‘The Kind Ghosts’ is not one of Wilfred Owen’s best-known war poems, but it deserves to be better-known. In just twelve lines, Owen (1893-1918) contrasts the sleepy attitude of Britain’s civilians with the sacrifice being made by countless British men in the theatre of war. Owen revised ‘The Kind Ghosts’ in July 1918, just a few months before his death in early November of that year. Before we proceed to an analysis of the poem, here’s a reminder of it:
The Kind Ghosts
She sleeps on soft, last breaths; but no ghost looms
Out of the stillness of her palace wall,
Her wall of boys on boys and dooms on dooms.
She dreams of golden gardens and sweet glooms,
Not marvelling why her roses never fall
Nor what red mouths were torn to make their blooms.
The shades keep down which well might roam her hall.
Quiet their blood lies in her crimson rooms
And she is not afraid of their footfall.
They move not from her tapestries, their pall,
Nor pace her terraces, their hecatombs,
Lest aught she be disturbed, or grieved at all.
Slightly unusually for Wilfred Owen, ‘The Kind Ghosts’ does not focus on life in the trenches or the harsh realities of war, but instead uses the fairy-tale image of the wealthy woman (a princess?) sleeping in her palace chamber, unaware that everything around her has been paid for with the blood of young men who have given their lives in wars to preserve the kingdom.
Who is this woman? It’s probable that Owen had Britannia, that female personification of the country of Britain, in mind. As the late Jon Stallworthy notes in The War Poems Of Wilfred Owen, Owen’s manuscripts have ‘Brittannia’ (sic) listed as possible titles for poems, and it’s likely that ‘The Kind Ghosts’ was a later title Owen decided on instead.
So, in summary: Owen describes this woman (probably a symbol for all people back home in Britain, not fighting in the war; this was mostly women, of course, since most men of fighting age were involved in combat) sleeping ‘on’ the ‘last breaths’ of those men who breathe their last (i.e. who die) to keep her safe. But although her sweet, deep sleep is made possible by the deaths of men, their ghosts do not come through the walls of her palace chamber to disturb her. Yet her wall has itself been made by ‘boys on boys and dooms on dooms’: in other words, the palace wall, the barrier that keeps her safe from the fighting going on outside, has been maintained by young men (‘boys’) dying, their bodies heaped on top of each other (‘boys on boys’ also suggests man-to-man combat, only these are barely men, many of them as young as sixteen or seventeen: compare Owen’s poem ‘Arms and the Boy’, which twists the famous Virgilian line ‘arms and the man’).
This woman’s dreams are peaceful and idyllic: of beautiful, romantic things: even her darker dreams (‘glooms’) are ‘sweet’. People at home have no knowledge of the nightmare reality of war. She never stops and wonders what keeps the roses in her ‘golden gardens’ alive: roses are symbolically associated with England, and the plural ‘gardens’ suggests the many people all over England who don’t really grasp how their nation is being saved by the actions of those men who give their lives for their country, their ‘red mouths’ torn in combat, their blood watering the ground where the roses grow (compare the idea of the poppies growing up out of the fields of No Man’s Land).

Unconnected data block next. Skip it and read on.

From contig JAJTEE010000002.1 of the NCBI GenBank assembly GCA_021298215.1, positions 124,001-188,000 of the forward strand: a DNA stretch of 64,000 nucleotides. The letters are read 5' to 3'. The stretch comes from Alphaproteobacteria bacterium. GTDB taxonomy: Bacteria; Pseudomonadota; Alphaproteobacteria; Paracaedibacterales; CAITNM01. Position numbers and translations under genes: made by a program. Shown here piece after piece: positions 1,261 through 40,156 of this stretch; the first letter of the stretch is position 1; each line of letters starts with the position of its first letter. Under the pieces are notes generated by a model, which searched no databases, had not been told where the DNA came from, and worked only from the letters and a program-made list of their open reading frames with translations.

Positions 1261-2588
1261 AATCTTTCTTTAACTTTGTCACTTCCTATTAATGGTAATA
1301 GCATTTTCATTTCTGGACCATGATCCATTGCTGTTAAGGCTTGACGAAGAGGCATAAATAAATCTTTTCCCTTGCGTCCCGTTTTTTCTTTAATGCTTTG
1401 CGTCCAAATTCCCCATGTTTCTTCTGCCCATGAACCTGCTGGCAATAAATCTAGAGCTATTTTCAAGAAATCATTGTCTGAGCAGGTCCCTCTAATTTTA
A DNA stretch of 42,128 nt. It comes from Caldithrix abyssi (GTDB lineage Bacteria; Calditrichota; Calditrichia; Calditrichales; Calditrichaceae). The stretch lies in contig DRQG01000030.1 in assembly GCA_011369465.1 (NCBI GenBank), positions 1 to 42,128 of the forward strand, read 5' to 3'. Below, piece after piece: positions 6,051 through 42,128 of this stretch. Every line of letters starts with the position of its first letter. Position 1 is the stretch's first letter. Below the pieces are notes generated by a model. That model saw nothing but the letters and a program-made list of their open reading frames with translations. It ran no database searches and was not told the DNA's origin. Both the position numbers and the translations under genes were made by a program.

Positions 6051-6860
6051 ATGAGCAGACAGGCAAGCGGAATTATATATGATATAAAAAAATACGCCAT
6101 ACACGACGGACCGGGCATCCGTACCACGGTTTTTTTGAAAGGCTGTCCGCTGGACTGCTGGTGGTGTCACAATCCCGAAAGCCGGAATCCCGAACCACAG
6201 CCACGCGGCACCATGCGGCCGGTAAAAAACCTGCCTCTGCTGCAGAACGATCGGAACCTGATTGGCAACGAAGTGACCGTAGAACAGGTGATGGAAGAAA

‘The shades keep down what well might roam her hall’ is a clumsy line (clumsy for Owen, who elsewhere is frequently so startlingly adroit), but these ‘shades’ are the ‘kind ghosts’ the poem’s title alludes to: they keep at bay the horrors that might otherwise invade her house. Their blood is everywhere, but it’s quiet, as if the ghosts of the men who died are too kind and considerate to disturb her sleep. If the creaking of the floorboards is a cliched harbinger of a ghost in a haunted house, this woman is not afraid of these ghosts’ footsteps. Indeed, she’s hardly aware that they’re there.
The tapestries on the woman’s walls are the funeral ‘pall’ of the dead soldiers, but they don’t jump out from behind them (another old trope from many a ghost story), nor do they walk along her terraces outside. They don’t want to disturb her, or worry her – the implication being that she would surely be ‘grieved’ to learn of the scale of human sacrifice that had been made to keep her safe.
Interestingly, Stallworthy observes in The War Poems Of Wilfred Owen, ‘hecatombs’ is possibly a mistake: Owen was confusing ‘hecatombs’ with ‘catacombs’. Given the context, the latter (meaning ‘tombs’) is more likely his meaning, although ‘hecatombs’ means ‘great public sacrifices’, so it’s obviously relevant to this war poem about men giving their lives so that Britain can continue in its staid, placid existence. But the word ‘hecatombs’ clearly serves the equivalent function in its line to ‘pall’ in the previous line: if ‘pall’ means a funeral pall (compare Owen’s use of it in ‘Anthem for Doomed Youth’), then ‘hecatombs’ are presumably a place of burial.
‘The Kind Ghosts’ has a curious form: four stanzas, each of them comprising three lines (these are known as tercets). Owen uses just two rhymes throughout, with the first pair of tercets being inverted in the second pair, so that the poem rhymes aba aba and then bab bab. Owen keeps circling round these same two rhymes, giving the poem a tight, restricted air, echoing the closeness in the woman’s chamber as she is surrounded, without realising, by death.